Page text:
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27002 Life Science

NG course

Danish title:



Point( ECTS )


Course type:

Taught under single-course student


E1B (Thurs 13-17)
For Spring semester we refer to 27008.


Campus Lyngby

Scope and form:

Lectures and group exercises once a week. It is mandatory to complete two tests during the semester to be allowed to participate in the exam.

Duration of Course:

13 weeks

Date of examination:


Type of assessment:

Exam duration:



Not applicable together with:

General course objectives:

The students should based on the cell acquire a basic understanding of biological processes, which are used in the industry. Consequently, the students will acquire knowledge about the cell structure, their biological functions, biochemical and molecular biological processes together with biotechnological processes. With this background the students should be able to discuss present biotechnological problems.

Learning objectives:

A student who has met the objectives of the course will be able to:
  • Describe the spatial, logistic, and structural organization of the living cell as well as the overall mechanisms and chemical structures behind its function.
  • Explain how enzymes catalyse chemical reactions and how the overall structure and composition of proteins determines their function.
  • Interpret results showing the effect of substrate concentration, pH and temperature on enzyme activities, and give examples of how both enzyme activities and metabolic pathways are regulated.
  • Explain how cells oxidize glucose and use the released energy to generate ATP, and calculate the yield of ATP from oxidation of glucose via cellular respiration as well as by breakdown by fermentation.
  • Account for the antiparallel double helical structure of DNA and the chromosomal organization in pro- and eukaryotes.
  • Describe the mechanisms for bacterial cell division and eukaryotic mitosis and meiosis and suggest how failures in the two later processes might lead to particular geno- or phenotypes.
  • Describe the Central Dogma of Molecular Biology including replication, transcription and translation, and use the principles along with the Genetic Code to translate a DNA sequence with or without mutations to the corresponding amino acid sequence.
  • Describe how gene expression is regulated in pro- and eukaryotes emphasizing the many different levels this can be achieved on.
  • Account for the mechanisms for interbacterial transfer of genetic material and how a virus reproduces itself by the use of the host reproductive system.
  • Master the basal terms in Mendelian genetics and apply the principles for deducing the geno- and phenotype frequencies of the progeny of mono- and dihybride crosses.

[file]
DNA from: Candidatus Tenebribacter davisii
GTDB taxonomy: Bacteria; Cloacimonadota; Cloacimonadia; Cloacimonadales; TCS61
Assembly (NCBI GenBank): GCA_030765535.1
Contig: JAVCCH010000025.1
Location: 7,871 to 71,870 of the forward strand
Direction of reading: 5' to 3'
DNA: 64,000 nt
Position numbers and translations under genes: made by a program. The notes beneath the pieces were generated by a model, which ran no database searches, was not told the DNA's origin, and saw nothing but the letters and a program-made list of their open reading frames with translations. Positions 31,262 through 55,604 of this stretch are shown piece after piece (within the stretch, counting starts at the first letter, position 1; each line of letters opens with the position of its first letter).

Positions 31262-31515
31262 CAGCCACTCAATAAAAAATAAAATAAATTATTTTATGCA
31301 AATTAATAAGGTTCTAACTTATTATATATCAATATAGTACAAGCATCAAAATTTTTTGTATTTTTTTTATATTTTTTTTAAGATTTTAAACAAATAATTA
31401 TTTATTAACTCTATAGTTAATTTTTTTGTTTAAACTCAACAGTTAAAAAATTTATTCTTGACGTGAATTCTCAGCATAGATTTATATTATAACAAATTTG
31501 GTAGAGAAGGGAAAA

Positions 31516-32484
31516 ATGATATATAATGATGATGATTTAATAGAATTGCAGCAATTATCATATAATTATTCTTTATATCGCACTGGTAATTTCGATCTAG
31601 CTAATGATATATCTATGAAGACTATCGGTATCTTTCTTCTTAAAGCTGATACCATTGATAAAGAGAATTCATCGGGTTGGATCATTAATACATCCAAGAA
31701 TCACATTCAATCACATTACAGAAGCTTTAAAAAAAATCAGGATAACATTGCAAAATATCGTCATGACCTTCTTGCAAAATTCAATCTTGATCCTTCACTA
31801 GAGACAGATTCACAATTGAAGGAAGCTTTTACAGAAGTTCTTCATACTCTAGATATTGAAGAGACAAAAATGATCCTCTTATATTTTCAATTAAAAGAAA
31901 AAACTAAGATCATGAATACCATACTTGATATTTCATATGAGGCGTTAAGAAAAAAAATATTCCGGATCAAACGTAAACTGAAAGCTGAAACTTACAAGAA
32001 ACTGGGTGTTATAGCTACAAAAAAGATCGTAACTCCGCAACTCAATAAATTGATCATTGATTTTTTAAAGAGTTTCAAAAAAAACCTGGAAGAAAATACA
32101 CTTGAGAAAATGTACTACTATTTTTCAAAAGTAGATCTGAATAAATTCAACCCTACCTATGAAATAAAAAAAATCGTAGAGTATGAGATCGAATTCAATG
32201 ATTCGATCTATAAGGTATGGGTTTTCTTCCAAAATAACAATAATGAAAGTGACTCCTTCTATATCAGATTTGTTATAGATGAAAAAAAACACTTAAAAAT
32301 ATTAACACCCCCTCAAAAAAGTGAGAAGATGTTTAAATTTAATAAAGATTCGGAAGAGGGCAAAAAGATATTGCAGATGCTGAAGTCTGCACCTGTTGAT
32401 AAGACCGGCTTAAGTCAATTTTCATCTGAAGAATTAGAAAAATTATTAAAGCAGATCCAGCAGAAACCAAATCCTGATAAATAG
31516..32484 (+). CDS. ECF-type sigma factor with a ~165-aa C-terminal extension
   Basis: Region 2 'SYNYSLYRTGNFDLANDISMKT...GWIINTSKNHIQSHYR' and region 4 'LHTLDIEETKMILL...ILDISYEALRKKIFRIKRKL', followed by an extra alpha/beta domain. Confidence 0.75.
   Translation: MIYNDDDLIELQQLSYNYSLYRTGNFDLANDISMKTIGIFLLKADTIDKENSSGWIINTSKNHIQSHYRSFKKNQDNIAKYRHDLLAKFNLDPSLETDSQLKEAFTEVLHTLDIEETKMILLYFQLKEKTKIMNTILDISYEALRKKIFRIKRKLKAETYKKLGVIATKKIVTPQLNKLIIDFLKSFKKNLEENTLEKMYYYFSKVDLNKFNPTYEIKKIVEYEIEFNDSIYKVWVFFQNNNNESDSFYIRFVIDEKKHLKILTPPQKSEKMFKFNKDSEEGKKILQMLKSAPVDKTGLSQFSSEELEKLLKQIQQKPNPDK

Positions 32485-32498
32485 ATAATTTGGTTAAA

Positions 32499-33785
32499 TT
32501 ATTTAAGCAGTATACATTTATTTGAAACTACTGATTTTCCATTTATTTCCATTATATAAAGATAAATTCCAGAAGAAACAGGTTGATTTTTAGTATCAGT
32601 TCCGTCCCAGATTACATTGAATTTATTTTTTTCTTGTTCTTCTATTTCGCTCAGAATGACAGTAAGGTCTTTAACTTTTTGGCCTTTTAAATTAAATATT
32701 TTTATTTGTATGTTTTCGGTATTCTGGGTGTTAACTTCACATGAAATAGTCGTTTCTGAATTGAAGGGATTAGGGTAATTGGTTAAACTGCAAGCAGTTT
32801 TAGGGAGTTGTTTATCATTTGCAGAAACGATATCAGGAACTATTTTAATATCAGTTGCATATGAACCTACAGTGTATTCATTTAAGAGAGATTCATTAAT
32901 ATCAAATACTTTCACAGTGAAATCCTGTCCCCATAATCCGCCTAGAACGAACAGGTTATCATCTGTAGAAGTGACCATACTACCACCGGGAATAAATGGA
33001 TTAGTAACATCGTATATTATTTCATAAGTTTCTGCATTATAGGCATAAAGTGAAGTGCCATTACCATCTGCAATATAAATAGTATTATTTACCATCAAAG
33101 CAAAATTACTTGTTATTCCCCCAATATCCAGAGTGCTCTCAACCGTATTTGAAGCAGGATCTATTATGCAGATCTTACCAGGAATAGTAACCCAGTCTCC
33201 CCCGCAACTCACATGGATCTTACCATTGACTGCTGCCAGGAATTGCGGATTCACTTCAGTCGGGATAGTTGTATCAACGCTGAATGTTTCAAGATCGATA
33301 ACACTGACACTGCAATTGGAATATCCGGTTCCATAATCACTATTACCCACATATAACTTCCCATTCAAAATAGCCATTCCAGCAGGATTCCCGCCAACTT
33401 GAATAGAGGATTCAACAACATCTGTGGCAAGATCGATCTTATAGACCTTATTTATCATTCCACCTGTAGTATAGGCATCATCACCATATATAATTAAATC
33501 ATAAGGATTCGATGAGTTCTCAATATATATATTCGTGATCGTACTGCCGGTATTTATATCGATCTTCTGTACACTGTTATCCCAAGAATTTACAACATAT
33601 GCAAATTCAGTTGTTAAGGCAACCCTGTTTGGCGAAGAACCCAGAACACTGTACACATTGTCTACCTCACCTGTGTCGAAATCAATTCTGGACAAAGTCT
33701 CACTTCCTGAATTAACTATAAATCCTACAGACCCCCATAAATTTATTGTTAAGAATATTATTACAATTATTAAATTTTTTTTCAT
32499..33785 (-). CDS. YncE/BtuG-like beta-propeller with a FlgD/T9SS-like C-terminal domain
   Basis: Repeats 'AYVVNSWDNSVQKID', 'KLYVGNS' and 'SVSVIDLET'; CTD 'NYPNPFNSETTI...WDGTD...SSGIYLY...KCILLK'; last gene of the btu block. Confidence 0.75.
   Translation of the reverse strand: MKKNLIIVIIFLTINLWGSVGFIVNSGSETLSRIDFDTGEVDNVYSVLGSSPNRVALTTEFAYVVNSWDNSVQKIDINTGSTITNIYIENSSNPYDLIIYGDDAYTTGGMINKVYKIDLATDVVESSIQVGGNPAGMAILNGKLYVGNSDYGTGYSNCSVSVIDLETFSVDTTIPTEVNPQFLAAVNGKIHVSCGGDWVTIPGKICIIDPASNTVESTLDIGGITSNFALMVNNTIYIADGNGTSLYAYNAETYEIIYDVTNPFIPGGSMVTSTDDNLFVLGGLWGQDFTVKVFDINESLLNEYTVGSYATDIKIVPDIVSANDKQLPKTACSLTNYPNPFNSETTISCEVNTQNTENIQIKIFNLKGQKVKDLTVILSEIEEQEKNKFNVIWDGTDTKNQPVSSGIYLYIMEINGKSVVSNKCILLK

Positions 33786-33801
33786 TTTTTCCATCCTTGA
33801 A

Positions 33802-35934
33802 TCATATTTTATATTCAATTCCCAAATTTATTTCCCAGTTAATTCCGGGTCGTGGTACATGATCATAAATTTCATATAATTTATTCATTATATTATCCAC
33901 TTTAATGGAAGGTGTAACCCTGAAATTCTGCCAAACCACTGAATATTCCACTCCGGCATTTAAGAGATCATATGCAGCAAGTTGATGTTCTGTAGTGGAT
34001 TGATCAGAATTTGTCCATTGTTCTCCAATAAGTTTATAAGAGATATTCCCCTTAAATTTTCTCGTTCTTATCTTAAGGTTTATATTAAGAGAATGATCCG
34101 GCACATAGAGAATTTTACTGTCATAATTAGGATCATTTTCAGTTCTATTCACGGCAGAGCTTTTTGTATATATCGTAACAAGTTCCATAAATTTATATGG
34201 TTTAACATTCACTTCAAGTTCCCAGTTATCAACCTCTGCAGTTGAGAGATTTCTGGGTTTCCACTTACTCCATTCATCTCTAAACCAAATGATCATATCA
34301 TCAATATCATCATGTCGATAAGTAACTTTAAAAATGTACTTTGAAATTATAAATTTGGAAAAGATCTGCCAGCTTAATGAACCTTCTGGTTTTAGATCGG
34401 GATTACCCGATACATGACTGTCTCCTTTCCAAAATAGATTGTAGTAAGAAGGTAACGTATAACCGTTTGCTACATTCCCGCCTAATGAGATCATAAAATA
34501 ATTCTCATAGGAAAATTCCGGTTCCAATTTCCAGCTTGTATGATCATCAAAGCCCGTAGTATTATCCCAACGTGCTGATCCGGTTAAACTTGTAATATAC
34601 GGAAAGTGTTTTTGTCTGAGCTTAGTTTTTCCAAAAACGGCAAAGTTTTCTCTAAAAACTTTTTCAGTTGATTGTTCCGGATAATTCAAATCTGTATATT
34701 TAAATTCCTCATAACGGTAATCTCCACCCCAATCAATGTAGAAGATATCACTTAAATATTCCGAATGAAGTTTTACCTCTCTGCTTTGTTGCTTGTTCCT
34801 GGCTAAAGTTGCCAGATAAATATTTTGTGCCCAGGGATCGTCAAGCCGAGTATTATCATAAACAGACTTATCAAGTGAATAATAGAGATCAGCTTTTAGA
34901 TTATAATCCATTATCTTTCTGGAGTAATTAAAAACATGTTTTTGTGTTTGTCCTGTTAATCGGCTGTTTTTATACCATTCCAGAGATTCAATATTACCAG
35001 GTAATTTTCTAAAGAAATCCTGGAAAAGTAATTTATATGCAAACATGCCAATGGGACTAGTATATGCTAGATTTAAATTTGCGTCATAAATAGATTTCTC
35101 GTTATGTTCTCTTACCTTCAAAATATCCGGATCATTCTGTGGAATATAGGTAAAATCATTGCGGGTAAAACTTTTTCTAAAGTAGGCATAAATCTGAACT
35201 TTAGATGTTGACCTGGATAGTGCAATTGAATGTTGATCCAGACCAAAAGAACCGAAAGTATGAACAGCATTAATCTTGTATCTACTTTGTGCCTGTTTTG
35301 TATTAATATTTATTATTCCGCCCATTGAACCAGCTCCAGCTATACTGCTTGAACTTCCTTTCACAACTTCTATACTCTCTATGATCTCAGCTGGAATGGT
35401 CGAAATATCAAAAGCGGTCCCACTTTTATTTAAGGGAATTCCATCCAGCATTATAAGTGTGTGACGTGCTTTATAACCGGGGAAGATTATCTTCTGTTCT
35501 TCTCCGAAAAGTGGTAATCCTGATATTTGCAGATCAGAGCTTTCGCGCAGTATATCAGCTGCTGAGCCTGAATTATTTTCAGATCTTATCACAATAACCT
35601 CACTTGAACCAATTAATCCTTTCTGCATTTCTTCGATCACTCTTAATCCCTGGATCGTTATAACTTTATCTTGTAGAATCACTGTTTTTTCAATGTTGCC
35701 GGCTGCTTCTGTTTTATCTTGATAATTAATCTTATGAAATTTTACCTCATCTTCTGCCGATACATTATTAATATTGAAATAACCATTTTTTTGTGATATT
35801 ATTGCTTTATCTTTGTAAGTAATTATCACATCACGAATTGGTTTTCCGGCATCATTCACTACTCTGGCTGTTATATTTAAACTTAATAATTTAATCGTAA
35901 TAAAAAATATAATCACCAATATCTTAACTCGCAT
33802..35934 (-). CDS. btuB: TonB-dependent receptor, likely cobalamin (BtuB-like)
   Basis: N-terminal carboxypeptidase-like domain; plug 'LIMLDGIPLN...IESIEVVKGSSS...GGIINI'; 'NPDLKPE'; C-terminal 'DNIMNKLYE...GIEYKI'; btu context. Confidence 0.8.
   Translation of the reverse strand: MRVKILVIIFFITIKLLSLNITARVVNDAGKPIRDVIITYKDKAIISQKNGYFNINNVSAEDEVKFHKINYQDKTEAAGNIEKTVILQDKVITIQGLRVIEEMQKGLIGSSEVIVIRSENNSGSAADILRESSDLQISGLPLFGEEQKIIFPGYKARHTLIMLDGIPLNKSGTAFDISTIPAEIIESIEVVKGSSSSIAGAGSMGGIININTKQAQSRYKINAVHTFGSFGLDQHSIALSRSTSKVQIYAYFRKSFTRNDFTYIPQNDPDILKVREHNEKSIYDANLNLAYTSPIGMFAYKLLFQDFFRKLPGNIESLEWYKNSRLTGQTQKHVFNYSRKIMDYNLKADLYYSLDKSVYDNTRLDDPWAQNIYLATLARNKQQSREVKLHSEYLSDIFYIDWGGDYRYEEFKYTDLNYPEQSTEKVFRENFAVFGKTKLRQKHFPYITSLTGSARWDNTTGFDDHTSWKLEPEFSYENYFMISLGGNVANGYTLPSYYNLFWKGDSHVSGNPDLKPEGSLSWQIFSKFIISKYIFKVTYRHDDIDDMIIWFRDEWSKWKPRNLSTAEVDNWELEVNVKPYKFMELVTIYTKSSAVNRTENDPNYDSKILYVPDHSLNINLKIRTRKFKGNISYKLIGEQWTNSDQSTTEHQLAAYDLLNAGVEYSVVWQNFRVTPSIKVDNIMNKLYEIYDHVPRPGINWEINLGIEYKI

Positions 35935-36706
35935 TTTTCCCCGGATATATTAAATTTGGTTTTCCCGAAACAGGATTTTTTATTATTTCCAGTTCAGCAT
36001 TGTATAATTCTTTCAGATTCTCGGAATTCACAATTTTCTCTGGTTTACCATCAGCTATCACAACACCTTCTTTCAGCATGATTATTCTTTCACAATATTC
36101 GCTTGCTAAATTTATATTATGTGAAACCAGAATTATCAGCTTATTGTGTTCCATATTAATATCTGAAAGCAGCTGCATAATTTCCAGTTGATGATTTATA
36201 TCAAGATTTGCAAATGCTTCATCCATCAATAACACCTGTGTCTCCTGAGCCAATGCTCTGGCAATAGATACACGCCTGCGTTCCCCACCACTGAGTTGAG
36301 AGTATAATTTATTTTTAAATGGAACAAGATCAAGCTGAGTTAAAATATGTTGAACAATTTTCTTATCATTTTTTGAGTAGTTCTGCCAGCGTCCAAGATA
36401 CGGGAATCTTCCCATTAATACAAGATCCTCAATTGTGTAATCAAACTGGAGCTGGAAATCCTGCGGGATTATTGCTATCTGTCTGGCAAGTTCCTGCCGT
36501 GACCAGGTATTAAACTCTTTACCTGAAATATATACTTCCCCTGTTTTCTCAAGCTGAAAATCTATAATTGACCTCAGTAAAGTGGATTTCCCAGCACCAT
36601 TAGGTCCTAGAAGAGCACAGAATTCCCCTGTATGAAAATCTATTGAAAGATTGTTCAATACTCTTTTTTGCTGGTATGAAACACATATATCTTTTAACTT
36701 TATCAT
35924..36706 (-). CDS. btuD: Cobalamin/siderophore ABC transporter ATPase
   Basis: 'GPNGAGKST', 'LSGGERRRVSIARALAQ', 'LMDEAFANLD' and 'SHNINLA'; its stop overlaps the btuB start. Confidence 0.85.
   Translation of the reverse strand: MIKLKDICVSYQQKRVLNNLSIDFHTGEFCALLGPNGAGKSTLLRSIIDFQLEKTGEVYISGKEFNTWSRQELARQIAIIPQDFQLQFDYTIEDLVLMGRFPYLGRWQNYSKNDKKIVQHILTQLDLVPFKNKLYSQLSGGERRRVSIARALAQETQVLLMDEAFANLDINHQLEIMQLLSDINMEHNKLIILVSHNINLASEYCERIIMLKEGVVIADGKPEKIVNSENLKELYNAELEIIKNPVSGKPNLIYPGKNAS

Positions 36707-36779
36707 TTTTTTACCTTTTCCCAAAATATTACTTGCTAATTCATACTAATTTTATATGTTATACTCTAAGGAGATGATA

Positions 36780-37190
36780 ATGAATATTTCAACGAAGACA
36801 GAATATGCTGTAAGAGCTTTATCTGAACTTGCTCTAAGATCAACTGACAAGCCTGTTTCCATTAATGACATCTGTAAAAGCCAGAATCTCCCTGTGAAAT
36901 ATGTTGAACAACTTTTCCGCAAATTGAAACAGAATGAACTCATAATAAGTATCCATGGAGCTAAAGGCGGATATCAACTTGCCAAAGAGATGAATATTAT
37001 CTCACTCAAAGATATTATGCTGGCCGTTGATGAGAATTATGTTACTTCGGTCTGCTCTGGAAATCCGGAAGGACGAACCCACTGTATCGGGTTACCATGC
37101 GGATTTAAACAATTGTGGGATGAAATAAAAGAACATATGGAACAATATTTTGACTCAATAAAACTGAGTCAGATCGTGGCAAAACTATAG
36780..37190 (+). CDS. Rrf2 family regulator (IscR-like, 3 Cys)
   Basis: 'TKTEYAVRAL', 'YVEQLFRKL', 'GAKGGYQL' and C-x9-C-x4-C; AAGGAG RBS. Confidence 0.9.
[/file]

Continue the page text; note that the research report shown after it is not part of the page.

• Set up strategies for manipulating living cells using recombinant DNA technology.
  • Suggest appropriate biotechnological tests for examining a particular biological question and interpret the outcome of the tests.


The cell as basic biological unit: structure, function, metabolism, growth, reproduction, heredity and biodiversity. The theory covers: structure of amino acids and proteins, nucleotides and nucleic acids, carbohydrates and lipids. Enzymes: structure, reactions, inhibition. Dynamic biochemistry: cata- and anabolism together with regulation of metabolism, redox processes and energy metabolism. Synthesis of macromolecules of information: DNA and RNA, protein. Regulation of activities in the cell e.g. synthesis of macromolecules, responses to external stimuli. Mutation and mutagenesis. Genetic processes in pro- and eukaryotes. Gene technology. Examples will be given where basic biological definitions are used in present and future biotechnology.


Textbook: Sadava et al.: Life. The Science of Biology, 10. ed., vol. I, The Cell and Heredity.

A self-evaluation test in the curriculum of Life Science will be available at semester start for students interested. If the student shows extensive knowledge of the course material it may be considered to change course in consultation with the teachers.

Green challenge participation:

Please contact the teacher for information on whether this course gives the student the opportunity to prepare a project that may participate in DTU´s Study Conference on sustainability, climate technology, and the environment (GRØN DYST). More infor http://www.groendyst.dtu.dk/english


Kirstine González-Izarzugaza Belling , Lyngby Campus, Building 208, Ph. (+45) 4525 2489 , belling@cbs.dtu.dk
Jose Maria Gonzalez-Izarzugaza , Lyngby Campus, Building 208, Ph. (+45) 4525 2472 , txema@cbs.dtu.dk
Aron Charles Eklund , eklund@cbs.dtu.dk


27 Department of Systems Biology

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Last updated: 04. maj, 2016